Judicial Review to Challenge UK Visa Refusals and Bans

Judicial review is a type of a court proceeding in which a judge examines the lawfulness of a decision or action executed by a public body.

In other words, judicial review is a challenge to the way in which a determination has been given, rather than the rights and wrongs of the outcome reached. It is not really concerned with the outcomes of that process and whether these were ‘right’, as long as the right procedures have been followed. The tribunal will not substitute what it deems is the ‘correct’ decision.

This may mean that the public body will be able to make the same decision again, so long as it does so in a lawful way. If someone wants to argue that a decision was incorrect, judicial review may not be the best option. There are alternative remedies, such as appealing against the ruling to a higher court.

Judicial Review has a very broad context and it can be used to challenge a UK Visa and Immigration Refusal Decision of the Immigration Authorities and Immigration Appellate Authority.

Judicial Review Against a UK Visa, Immigration Refusal Decision

UK Visa Blog Immigration, Settlement, Refusal, Appeal Solicitors

As explained in our post on Remedies for UK Visa Refusal, Judicial Review is one of the potent recourse against a UK Visa and Immigration Refusal Decision. Therefore, this post covers a number of relating to Judicial Review in the context of UK Visa or Immigration Refusals:

  1. UK Visa, Immigration Refusal Decision- Appeal Vs Judicial Review;
  2. Administrative Review Leading to a Judicial Review;
  3. Implications of Judicial Review Against UK Visitor Visa Refusal;
  4. Family Visitor Visa Refusal- Reapply Vs. Judicial Review;
  5. Business Visit Visa Refusal- Reapply or Judicial Review;
  6. General Tourist Visa Refusal- Reapply or Judicial Review;
  7. Business Immigration UK- Tier-1 Entrepreneur Refusal and Judicial Review;
  8. Not Appealable Decisions- Judicial Review Against Ban;
  9. How to File a Judicial Review against a UK Visa or Immigration Refusal Decision?

UK Visa, Immigration Refusal Decision- Appeal Vs Judicial Review

The Judicial Review questions the “Correctness of the Procedure” that has been adopted to reach a “Decision”; whereas an APPEAL questions the “Rightfulness of a Decision” i.e. whether a decision was Right or Wrong.

The right of appeal against a UK Visa and Immigration Refusal is not ubiquitous i.e. an appeal can only be filed against an appealable refusal decision; whereas, Judicial Review can be filed against nearly all types of UK Visa and Immigration Decisions, provided that there are sufficient grounds to prove that correct procedure has not been adopted for reaching a refusal decision.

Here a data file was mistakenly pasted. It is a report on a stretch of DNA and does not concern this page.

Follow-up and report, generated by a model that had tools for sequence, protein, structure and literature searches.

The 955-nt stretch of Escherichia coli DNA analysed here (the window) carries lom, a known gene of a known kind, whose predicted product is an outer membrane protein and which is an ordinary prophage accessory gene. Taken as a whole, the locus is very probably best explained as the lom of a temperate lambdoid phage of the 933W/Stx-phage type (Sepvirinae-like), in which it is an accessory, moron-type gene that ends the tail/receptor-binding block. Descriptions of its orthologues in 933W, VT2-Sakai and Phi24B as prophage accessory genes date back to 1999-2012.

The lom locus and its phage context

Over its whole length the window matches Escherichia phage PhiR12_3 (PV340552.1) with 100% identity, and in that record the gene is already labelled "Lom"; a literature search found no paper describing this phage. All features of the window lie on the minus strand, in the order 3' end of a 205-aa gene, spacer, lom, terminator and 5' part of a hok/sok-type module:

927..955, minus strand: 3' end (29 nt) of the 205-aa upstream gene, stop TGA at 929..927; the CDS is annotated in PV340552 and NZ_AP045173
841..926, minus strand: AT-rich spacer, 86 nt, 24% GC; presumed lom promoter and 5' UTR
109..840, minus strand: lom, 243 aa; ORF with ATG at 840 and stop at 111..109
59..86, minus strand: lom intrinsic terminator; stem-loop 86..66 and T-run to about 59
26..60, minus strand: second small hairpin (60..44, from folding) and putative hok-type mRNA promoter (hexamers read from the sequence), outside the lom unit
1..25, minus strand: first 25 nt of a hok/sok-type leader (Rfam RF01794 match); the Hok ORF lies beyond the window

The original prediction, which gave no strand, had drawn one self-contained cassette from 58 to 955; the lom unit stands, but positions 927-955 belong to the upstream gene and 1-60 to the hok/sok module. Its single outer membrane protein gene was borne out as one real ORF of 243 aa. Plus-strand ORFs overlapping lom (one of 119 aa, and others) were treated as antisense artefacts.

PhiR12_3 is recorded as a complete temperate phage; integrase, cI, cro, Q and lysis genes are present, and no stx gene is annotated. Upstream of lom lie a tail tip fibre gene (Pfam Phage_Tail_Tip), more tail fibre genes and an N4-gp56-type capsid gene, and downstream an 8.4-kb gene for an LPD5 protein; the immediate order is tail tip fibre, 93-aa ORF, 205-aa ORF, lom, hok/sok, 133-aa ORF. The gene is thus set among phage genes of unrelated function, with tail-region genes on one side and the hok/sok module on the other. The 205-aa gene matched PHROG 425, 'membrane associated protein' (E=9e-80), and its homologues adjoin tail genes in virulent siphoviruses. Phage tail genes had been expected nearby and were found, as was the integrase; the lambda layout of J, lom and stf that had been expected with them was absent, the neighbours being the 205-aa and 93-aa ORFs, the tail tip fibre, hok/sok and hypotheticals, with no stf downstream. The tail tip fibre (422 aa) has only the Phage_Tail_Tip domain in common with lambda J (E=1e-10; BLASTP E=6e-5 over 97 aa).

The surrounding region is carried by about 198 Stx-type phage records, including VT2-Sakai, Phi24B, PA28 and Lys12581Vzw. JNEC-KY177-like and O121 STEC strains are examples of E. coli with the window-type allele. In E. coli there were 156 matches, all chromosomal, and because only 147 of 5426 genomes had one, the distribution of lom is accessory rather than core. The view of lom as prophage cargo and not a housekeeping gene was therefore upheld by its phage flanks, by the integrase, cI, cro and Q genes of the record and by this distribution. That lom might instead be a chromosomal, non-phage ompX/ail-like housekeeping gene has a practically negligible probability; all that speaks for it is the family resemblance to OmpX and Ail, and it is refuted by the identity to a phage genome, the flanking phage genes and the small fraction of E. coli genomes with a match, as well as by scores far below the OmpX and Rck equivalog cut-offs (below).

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Administrative Review Leading to a Judicial Review

Administrative Review, which is a peer-group review, against a refusal decision is allowed in some instances e.g. an applicant can file an administrative review if a Tier 1 Entrepreneur Application or Tier 1 Student Application has been refused within 28 days of the refusal decision i.e. 28 days from the receipt of the refusal letter.

For these types of refusal decisions pertaining to Point Based System (PBS) Tier 1 Entrepreneur, Investor, Graduate Entrepreneur, Exceptional Talent, Tier 2 Workers, Tier 4 Students and Tier 5 Temporary Workers, an Administrative Review should precede a Judicial Review i.e. it is not appropriate to directly file a Judicial Review. However, in case of such types of applications where there is either no provision of an administrative review or no right of appeal such a visitor visas, the applicants need to file a Pre-action Protocol (PEP) before a Judicial Review.

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Applicant Can File a Judicial Review after UK Visit Visa Refusal

Most of the applicants after getting a UK visa refusal letter point out the discrepancies that have been made by the immigration officer in the Refusal Decision. However, very few applicants bother to file a judicial review for reconsideration. Judicial Review can be a viable recourse, for a UK Visa and Immigration Refusal Decision, in most of the cases, especially in those cases where applicants have received more than a couple of successive refusals and think that they were denied a visa without following the proper procedure.

Visiting the UK for family, business and tourism is quite a significant and frequent purpose for most of the applicants. Therefore, it is recommended that after successive refusals applicants may consult an authorised and specialist immigration solicitor for filing a Judicial Review. Like an Appeal case, usually, the turnover/processing time for a Judicial Review is around 6-8 months. See Also: When to Reapply or Challenge a UK Visa or Immigration Refusal Decision.